Get ready for the start of IPL with Paul Krishnamurty's advice for the eight week betting bonanza, including both pre-tournament tips and in-running strategy
"Led by a classy, well-balanced top-three of Gambhir, McCullum and Kallis, Kolkata's impressive squad includes Sunil Narine, who could be the star bowler of the tournament."
Back the favourites outright
The thrills, spills and turnarounds associated with the T20 might give the impression that cricket's shortest format is something of a lottery. That couldn't be further from the truth. The formbook has stood up remarkably well in this league, with the usual suspects tending to reach the final-four play-offs every year. Chennai have never missed the play-offs, winning the title twice and losing two finals. Mumbai have reached the last three play-offs. Bangalore three of the last four.
In footballing terms, Chennai are the IPL's Manchester United. Their star-studded batting line-up goes so deep that low first innings totals are extremely rare, while even the unlikeliest run-chases become possible when your middle-order consists of Raina, Dhoni and Dwayne Bravo, with several more capable hitters further down. Their consistency makes a play-off spot a virtual certainty, at which stage the current 5.59/2 will offer the chance to bank a considerable profit if desired.
Equally there's plenty to like about defending champions Kolkata at 7.06/1 in anticipation of a third consecutive play-off appearance. Led by a classy, well-balanced top-three of Gambhir, McCullum and Kallis, Kolkata's impressive squad includes Sunil Narine, who could be the star bowler of the tournament.
Back openers in the Top Run Scorer market
Due to a plethora of world-class names, this looks like a wide-open betting heat, but once again history suggests the appearance is deceptive. The top batsman in all five previous IPLs was an opener and in the last four cases, an easy one to identify. Chris Gayle has won the last two, preceded by Sachin Tendulkar and Matthew Hayden. This is no coincidence - in 20 over matches, openers are bound to get more and longer innings. If their side chases down a low target easily, they may be the only batsmen to get a meaningful innings.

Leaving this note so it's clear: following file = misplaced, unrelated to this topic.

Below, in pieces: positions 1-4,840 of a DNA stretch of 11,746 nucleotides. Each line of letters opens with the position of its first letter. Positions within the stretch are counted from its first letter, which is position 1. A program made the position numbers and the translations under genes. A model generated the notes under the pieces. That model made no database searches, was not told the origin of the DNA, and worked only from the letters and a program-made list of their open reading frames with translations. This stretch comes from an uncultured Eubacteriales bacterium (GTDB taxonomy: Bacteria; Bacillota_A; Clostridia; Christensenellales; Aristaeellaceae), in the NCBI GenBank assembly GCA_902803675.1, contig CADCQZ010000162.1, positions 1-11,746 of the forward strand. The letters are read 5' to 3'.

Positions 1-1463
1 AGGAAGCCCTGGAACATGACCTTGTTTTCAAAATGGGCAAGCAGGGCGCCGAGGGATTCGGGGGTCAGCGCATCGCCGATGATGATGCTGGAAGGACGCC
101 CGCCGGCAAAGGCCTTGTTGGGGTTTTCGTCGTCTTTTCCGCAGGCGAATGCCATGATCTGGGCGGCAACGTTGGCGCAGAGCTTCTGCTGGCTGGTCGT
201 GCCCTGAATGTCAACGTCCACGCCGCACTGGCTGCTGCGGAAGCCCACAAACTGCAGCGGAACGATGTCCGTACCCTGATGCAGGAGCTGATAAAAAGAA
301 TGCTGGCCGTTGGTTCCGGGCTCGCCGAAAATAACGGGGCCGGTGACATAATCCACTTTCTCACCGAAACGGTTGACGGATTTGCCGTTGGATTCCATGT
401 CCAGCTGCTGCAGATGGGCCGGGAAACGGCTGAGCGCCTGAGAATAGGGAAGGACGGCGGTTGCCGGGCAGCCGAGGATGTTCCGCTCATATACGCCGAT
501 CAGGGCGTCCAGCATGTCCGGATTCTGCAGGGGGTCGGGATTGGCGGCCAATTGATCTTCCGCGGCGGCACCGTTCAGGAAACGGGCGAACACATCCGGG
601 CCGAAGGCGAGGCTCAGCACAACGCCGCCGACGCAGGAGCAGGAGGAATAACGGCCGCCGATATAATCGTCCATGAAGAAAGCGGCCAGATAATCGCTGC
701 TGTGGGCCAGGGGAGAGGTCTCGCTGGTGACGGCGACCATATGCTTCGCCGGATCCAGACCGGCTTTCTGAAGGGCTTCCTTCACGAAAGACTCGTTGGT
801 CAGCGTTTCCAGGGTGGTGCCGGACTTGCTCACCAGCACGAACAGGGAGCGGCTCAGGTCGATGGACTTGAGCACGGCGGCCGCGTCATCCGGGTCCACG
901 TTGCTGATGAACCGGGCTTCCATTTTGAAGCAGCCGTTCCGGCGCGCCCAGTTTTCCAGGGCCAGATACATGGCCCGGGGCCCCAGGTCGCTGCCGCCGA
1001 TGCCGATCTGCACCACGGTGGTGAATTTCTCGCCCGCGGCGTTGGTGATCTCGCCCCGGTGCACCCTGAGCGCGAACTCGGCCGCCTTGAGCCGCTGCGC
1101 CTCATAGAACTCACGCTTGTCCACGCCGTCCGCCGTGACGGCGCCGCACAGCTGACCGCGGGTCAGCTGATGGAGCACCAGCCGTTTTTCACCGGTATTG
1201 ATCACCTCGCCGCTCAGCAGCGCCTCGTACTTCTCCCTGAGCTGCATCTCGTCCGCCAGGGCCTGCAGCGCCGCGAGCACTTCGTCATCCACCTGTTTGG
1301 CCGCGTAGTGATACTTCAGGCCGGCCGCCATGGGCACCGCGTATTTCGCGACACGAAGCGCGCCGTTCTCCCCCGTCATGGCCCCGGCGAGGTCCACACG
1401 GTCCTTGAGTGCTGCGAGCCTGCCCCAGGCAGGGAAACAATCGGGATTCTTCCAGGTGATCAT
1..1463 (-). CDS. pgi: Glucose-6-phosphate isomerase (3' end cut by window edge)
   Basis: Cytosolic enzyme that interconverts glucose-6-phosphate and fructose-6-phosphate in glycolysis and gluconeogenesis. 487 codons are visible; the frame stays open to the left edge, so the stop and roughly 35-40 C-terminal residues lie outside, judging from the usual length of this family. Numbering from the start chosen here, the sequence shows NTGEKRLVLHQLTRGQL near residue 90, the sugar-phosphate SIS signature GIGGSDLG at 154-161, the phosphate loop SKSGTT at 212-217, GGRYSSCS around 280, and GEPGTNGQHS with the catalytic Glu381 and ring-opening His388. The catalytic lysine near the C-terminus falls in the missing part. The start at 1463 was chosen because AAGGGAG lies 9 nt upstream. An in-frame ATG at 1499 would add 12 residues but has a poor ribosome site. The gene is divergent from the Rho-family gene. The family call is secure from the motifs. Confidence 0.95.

Gayle is a skinny 5.04/1 to complete the hat-trick, but if you're happy to take the big man on, the next shortest price is 17.016/1. I like the chances of the players who finished second, third and fourth last year, all of whom are openers. That was the second time Gautam Gambhir has been second in this market and is around 21.020/1 to go one better. Like Gayle, he captains his side and will therefore play as often as possible. Last year's third Shikhar Darwan carried his side through a terrible run and is a live candidate again at a big price, as is Rajasthan Royals opener Ajinkya Rahane.
There are of course many great turnarounds in IPL, which make it tempting to employ the simplisitic trading maxim to 'Back High, Lay Low'. There's little sense, however, in blindly backing that turnaround without measuring the likelihood based on the specific circumstances. When betting in-running, the best advice is simply to follow conditions closely to gauge what constitutes a par total. Whether the pitch, overhead conditions and ground stats are liable to produce much higher or lower than par. The predictions of pundits and captains are not wholly reliable, but they're generally a good guide.
Rather than the match odds market, the best place to find massive price upsets is the Innings Runs market. Here, there is an option for each band of ten (i.e. 120 or more, 130 or more etc). Very short odds-on chances, even going down to the minimum 1.01, have repeatedly been turned over in this market as a result of batting collapses or an explosive spell of big-hitting.
In order to maximise the potential of this volatile market, my advice is to take a view, either before or early during in the innings, on whether the total is likely to be above or below the par score. Once making that decision, back the bands 20 or 30 above or below par in your chosen direction. Pick the right way and you'll have an excellent trading position.
Back short totals at big odds in the 6 Over Total market
The 6 Over Total market is another volatile affair, although here I'm inclined to stick with 'unders' when conditions suit. Whereas there is a realistic limit to the upside during the early slog, there are always a few very low totals when batting teams completely fail to master early conditions against strike bowlers. Lose a couple of wickets in the first three overs, and most teams will opt to consolidate before rebuilding during the middle overs. It is certainly not unheard of for a team to score below 20 during this opening period. Obviously, as with all in-running markets, keep an eye on overhead conditions and captains' comments at the toss regarding whether the wicket is expected to be lively first up.